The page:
Furthermore, team building activities are essential for retaining talent. We hold an Owlet-wide company lunch every Friday. All of our departments come together to talk about how things are going. For team members it’s an opportunity to be honest and talk about what’s working well or what could be improved upon. On the last Friday of the month, we go one step further and do a half day where our families join the lunch and everyone heads home early. Our quarterly and half-yearly initiatives often involve more outdoorsy activities, particularly with our team members based at HQ in Utah. We’ll rent a house together and go hiking or we’ll rent a boat and go out on a lake. We find that celebrating this balance resonates with our team and propels them to do their best, both in the office and at home.
Sabri Suby, Founder, King Kong:
Our industry, digital marketing, has a skills shortage, but we have managed to retain amazing talent by focusing on culture, development and, of course, compensation.
The most important thing is to live and breathe your company goals and values, and embed them in the culture of your business so that your team belong to something impressive and are collectively working toward the same big picture.
Next, team members should be able to see how they will grow with your company so that they know they can stay for the long-run, so offering continued learning will give any business an edge.
Finally, compensation – because they don’t just do it for the love. It goes without saying that you need to pay your team fairly based on market rate and the skills they have to offer, and you should also reward them regularly as they develop in your company.
Senior Talent Manager, Employsure, Jess Van Der Walt:
We have found the best strategy to retain talent is ensuring employees have three fundamental connections in the workplace: company, manager, and job.
This is based on Gallups research findings of what is means to have engaged employees. Identifying that people desire connection to one’s company and peers (company), the provision of opportunities to learn (manager) and the ability to contribute from one’s role (job). Our regular feedback touch points enable people to have organic conversations with their managers. Using this framework, we are able to drive initiatives that close the gaps on weak connections.
Taking a balanced approach from talent acquisition and onboarding, through to team engagement and developing future leaders for the business. We are incredibly focused on protecting and enhancing the investment we make in our people through forward thinking and innovative programs.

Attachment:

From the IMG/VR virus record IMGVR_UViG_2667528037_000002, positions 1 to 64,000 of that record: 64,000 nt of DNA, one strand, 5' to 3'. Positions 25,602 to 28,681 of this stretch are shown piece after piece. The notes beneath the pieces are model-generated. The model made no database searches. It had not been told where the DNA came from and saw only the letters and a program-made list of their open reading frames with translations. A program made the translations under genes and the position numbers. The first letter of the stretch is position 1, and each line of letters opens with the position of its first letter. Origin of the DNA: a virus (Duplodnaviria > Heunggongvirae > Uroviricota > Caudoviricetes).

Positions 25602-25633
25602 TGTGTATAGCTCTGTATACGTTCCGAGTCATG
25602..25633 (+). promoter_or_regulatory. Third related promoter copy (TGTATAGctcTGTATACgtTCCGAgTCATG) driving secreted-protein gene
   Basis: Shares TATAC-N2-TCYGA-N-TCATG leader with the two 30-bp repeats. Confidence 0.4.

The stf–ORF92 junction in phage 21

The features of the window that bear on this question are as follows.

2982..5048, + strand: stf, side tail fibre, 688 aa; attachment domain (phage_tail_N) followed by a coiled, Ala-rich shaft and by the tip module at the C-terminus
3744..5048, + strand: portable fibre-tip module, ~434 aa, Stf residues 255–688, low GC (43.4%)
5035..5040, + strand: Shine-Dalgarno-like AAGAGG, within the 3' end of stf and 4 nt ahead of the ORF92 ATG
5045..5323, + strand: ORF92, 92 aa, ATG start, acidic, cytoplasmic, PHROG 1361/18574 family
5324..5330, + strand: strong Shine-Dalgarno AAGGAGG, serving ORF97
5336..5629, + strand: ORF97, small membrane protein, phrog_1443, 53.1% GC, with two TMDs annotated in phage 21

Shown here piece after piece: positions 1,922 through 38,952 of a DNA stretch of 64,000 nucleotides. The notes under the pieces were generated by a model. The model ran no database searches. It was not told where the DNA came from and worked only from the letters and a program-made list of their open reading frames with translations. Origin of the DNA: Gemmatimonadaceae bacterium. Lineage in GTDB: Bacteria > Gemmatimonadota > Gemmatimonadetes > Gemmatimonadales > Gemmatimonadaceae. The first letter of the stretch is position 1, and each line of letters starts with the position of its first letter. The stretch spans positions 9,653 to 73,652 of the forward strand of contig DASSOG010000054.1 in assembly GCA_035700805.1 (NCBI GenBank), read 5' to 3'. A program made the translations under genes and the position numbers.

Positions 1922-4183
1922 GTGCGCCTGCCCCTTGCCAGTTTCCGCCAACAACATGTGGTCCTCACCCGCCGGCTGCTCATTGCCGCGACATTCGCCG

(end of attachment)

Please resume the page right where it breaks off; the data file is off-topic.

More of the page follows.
David Hickey, Director of Strategy APAC, Meltwater:
Meltwater’s culture is based on a fundamental belief in people and the potential they possess. We have numerous strategies in place that help us retain talent and support our values, including mentorship and management workshops, culture clubs, monthly team events, awards nights and the ‘Gold Star’ program, which recognises new team members’ first sale at Meltwater.
We always look to promote from within — one of Meltwater’s strengths is our ability to foster young, bright, talented individuals. I started at Meltwater straight out of university and ten years on, I’m leading APAC strategy. We help people enjoy the work they do by creating genuine connections between their day-to-day jobs and the company’s overall mission and objectives. With an average employee age of 26, we aim to keep our entrepreneurial spirit alive constantly, delighting in hard work and the feeling of accomplishment that comes with it.
Meltwater was ranked 14th in the Great Places to Work award this year, and has placed in the top 20 list for the fifth year in a row. Our high employee satisfaction rate is attributed to the company’s focus on having fun and ensuring all employees have a sense of purpose within the business.
Sam Riley, Co-founder and CEO, Ansarada:
Our model for leadership at Ansarada is to serve, not just our customers but our people too.
Because of this model, we invest significantly in our culture and people. Culture drives employee engagement, which leads to talent retention, greater productivity, and a stronger business model. To us, culture is more than an office outfit and regular soirees. Culture is about raising and realising the potential of people. This feeds into the role of our leadership, which is to make every employee feel part of the journey and shaping of the business.
It’s this approach that has seen us retain and grow the best talent over the years, and gain external recognition through awards like Great Places to Work — six years in a row. The key to talent retention is about having a strong culture, being people-first, and focusing efforts on realising the potential of your people.